If Hamas’ hands are tied by its own military weakness, Israel’s are tied too by its small size, the diplomatic criticism of European nations upon whom it depends for trade, and the voice of the Israeli left that will not countenance the ethnic cleansing tactics employed in 1948 and 1967. From the standpoint of Israeli security, a punitive raid is probably the wrong tool for the job, if that job is defined as ending Palestinian national aspirations and their resort to terrorist and rocket assaults. So, as in Lebanon in 2006, it remains to be seen which of the dual effects of this operation–killing some members of Hamas and reducing their prestige but also enraging numerous Palestinians and their supporters–is the more dominant outcome. In any case, this is one battle in a long war that will likely last much longer. The dominant strategic factors have not changed and will not change from this operation, unless Israel is willing to re-occupy Gaza for an extended period of time with the sole goal of rooting our the entire Hamas infrastructure. There is little reason to think that the Olmeri government and the Israeli people are willing to do so over a more-or-less containable threat of rocket attacks from Gaza.  So, even though this hammer has an anvil (unlike in Lebanon), it will not be wielded forcefully enough or for long enough to do the trick.

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Senator Joseph Lieberman writes today that we should get in the face of India, Russia, and China and shame them into reigning in Burma, with whom all three nations have good relations. And people think Bush is making America enemies around the world! This is typical of the Democrats’ post-cold-war foreign policy: the cause must be pure, with little relation to U.S. interests; the cost may be immense; the benefit (and likelihood of success) minimal; and then, and only then, will we know we are behaving authentically. Because only then will we know that our power is being used solely for humanitarian reasons. Liberals, in spite of their self-image as peaceniks, have a penchant for military intervention, so long as it’s done for the right reasons. Let’s not forget, Vietnam (1965-73), Korea (1950-53), Bosnia (1996), Kosovo (1999), Bay of Pigs (1961), Haiti (1995), and East Timor (1999) all happened on a Democratic President’s watch.

If one of these venture fails, we can rest assured that our purity of intention will make up for our errors. This is dangerous stuff, devoid of any natural barriers to excess. Bush is bad enough and also a kind of liberal: he combines a vague sense of interest with a messianic sense of mission that stresses democracy and human rights. But Obama, Lieberman, and Clinton are much worse: they forget the interest part and replace it solely with a good intentions policy, one that views “selfless” missions as more valuable because they prove to ourselves and the rest of the world that we are good people.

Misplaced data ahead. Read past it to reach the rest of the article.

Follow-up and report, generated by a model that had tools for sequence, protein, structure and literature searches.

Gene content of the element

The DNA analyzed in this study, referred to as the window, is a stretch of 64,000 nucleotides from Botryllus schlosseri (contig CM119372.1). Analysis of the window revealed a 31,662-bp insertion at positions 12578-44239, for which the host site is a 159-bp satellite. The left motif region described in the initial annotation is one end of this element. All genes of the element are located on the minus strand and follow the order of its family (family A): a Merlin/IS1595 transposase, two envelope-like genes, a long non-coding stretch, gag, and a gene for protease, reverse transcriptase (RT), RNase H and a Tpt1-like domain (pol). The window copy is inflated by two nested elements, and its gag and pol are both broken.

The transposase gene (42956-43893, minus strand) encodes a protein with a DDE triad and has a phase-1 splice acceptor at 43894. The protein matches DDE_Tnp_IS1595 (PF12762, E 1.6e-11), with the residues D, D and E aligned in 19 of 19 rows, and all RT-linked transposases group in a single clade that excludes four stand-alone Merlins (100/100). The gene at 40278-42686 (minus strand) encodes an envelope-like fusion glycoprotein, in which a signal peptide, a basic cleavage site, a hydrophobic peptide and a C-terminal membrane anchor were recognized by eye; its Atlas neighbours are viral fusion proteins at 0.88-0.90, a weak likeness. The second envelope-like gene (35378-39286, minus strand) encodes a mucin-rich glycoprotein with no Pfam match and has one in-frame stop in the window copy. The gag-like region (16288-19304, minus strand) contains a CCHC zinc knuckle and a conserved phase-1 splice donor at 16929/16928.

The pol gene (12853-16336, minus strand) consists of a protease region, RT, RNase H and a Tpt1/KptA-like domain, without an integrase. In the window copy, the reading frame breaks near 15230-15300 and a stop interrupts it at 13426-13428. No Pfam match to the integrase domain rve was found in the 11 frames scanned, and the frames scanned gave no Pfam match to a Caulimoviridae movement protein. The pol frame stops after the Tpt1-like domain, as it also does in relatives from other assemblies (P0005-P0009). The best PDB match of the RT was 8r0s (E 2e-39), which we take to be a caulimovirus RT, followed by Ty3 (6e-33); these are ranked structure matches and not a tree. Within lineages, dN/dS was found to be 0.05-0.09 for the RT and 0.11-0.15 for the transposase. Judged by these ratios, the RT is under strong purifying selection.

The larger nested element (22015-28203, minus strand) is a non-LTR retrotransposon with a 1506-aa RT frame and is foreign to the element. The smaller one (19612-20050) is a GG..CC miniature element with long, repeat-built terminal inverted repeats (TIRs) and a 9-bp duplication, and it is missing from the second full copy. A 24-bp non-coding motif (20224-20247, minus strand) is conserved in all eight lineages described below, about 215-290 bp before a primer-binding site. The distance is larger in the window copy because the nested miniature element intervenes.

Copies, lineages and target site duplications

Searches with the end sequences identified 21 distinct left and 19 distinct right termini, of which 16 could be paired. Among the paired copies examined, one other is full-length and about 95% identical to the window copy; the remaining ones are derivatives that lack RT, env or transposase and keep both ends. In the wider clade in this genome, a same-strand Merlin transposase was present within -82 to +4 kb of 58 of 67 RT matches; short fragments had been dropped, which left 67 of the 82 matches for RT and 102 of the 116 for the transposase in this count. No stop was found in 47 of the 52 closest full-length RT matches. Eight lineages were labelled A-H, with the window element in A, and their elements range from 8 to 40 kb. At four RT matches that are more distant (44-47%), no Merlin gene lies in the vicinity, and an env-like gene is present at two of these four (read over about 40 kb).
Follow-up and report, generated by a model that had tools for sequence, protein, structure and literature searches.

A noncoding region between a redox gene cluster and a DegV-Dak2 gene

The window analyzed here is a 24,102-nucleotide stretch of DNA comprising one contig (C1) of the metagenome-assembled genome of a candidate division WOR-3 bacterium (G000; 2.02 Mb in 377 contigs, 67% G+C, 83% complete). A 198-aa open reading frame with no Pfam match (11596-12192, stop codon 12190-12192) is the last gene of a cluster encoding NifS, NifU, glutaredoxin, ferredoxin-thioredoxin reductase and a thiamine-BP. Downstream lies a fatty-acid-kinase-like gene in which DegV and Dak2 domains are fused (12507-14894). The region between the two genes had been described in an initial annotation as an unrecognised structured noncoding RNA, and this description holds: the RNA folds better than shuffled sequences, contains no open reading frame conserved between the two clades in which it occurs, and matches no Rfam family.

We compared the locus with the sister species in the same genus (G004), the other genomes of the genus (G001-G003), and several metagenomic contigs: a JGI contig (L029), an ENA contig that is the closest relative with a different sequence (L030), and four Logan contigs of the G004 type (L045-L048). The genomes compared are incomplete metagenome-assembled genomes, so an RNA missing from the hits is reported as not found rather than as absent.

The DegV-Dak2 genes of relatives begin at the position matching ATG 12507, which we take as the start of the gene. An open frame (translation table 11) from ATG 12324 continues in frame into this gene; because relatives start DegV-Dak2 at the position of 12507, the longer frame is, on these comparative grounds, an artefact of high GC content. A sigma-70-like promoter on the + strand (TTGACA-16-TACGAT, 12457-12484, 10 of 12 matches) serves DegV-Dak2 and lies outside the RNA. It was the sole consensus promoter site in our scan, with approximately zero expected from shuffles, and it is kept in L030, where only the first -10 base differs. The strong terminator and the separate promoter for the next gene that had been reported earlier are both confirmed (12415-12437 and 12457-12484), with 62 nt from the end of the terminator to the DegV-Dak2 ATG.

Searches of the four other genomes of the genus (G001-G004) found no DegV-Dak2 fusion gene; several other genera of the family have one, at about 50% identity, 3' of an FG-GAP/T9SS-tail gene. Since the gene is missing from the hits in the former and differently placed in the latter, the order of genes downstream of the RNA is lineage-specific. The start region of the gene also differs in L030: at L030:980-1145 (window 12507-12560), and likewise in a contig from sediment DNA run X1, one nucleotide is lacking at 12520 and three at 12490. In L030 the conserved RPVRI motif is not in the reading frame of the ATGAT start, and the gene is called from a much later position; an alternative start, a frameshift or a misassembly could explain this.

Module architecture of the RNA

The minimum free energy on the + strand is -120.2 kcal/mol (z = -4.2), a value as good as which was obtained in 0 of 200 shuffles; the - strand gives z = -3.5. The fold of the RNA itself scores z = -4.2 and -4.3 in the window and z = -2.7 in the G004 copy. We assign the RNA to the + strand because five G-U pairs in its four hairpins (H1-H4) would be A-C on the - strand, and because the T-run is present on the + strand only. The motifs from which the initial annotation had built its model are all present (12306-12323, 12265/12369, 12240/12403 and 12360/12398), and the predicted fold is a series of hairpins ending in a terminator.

Almost all liberal foreign policy functions to discredit and apologize for the Western past. It is supposed to show we’ve “grown up” and are no longer mere imperialists. We don’t fight for ourselves but for others. Of course, we have an agenda, and it seems at first glance to be a kind of self-assured imperialism. But for liberal hawks that agenda is everyone’s agenda, because everyone wants democracy, free speech, MTV, homosexuality, CNN, globalization, outsourcing, abortion, etc., and the only reason they don’t have them now is because they’re oppressed. Remember how excited they were about the spontaneous rallying cry for the Iraq War “Democracy, Whiskey, Sexy,” as if our own standards on these matters were beyond criticism. Most important, liberal foreign policy functions to atone for the great stain of American inaction in the face of the Holocaust. Almost all their thinking is based on a set of principles that retroactively would have required our intervention in the European Campaign before December 7, 1941.

This is history repeating itself not as tragedy or farce, but as psychodrama.